3.5.5 Reactions of Inorganic Compounds in Aqueous Solution - Lewis acids and bases
The Lewis theory of acids encompasses and extends the Arrhenius and Bronsted Lowry theories. According to Lewis, an acid is a species that can accept a pair of electrons. This allows treatment of non-aqueous systems in the same way as Bronsted Lowry, but also allows species that do not involve hydrogen ions.
Hence, a transition metal is classified as a Lewis acid, as it accepts lone pairs of electrons when bonding to ligands.
In the same way, all species that are involved in coordinate (dative) bonding can be classified as acids and bases.
Example: Aluminium chloride
AlCl3 is a Lewis acid because it is electron deficient and can accept a lone pair of electrons from other species. This is seen in Friedel-Crafts catalysis:
The first thing to highlight is that a coordinate bond is no different from any other bond in terms of strength, or the fact that a pair of electrons is involved in holding two nuclear centres together. The differentiation is merely a tool to explain which atom originally held the electrons used in the bond.
A normal single bond involves one electron from each atom being shared by both.
A coordinate bond involves two electrons from one atom being shared by two atoms.
Transition metals are particularly good at accepting electron pairs to form complex ions. This is because the first row transition metals have available empty 4s and 4p and 4d orbitals, which can be hybridised to accept electron pairs.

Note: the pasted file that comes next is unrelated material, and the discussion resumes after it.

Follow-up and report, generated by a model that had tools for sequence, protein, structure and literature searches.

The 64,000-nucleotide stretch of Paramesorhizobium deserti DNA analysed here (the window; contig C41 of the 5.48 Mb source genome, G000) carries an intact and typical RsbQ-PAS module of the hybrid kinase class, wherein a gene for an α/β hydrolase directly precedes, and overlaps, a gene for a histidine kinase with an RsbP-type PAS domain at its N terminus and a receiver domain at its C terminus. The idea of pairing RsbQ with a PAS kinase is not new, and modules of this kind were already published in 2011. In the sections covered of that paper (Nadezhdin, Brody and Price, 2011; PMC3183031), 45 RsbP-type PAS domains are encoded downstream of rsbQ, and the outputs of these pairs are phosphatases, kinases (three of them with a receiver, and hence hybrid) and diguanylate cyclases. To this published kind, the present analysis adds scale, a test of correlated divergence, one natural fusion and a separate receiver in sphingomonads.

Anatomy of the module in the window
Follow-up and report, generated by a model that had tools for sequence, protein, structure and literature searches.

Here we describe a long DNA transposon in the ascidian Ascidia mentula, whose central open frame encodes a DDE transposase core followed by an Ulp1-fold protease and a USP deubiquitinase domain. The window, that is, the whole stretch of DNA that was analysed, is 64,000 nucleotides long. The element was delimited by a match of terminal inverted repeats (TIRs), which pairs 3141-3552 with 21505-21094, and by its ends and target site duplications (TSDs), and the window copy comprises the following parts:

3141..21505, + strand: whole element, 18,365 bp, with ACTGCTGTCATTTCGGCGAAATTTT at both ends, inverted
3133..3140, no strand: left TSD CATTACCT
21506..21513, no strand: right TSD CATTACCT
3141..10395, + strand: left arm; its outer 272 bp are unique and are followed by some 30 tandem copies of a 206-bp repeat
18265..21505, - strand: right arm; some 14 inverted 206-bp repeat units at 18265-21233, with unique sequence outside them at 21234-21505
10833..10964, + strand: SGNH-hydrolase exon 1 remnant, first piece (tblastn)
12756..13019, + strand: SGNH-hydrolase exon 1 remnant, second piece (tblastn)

Hybridisation of the 4s and 4p orbitals produces four sp3 orbitals arranged in a tetrahedral orientation:
Hybridisation of 4s, 4p and two of the 4d orbitals creates six sp3d2 orbitals which orientate into an octahedral shape for octahedral complex formation.
As the transition metal atoms accept pairs of electrons, then the ligands have to donate them. All ligands are Lewis bases. The diagrams below show the Lewis structures of the most common ligands with the ligand names
Notice that the carbonyl group has two lone pairs on different atoms. However, the CO group bonds using the lone pair on the carbon. Certain ligands can bond using different electron pairs, giving rise to different complexes.
For example: the cyanide ligand is isoelectronic with carbon monoxide. meaning that it has a lone pair on both the carbon and the nitrogen atoms available for coordinate bonding. When the carbon lone pair is used the ligand takes the name cyano-, but when the nitrogen atom electrons are used it becomes isocyano-.
|cyano ligand (cyanide ion)|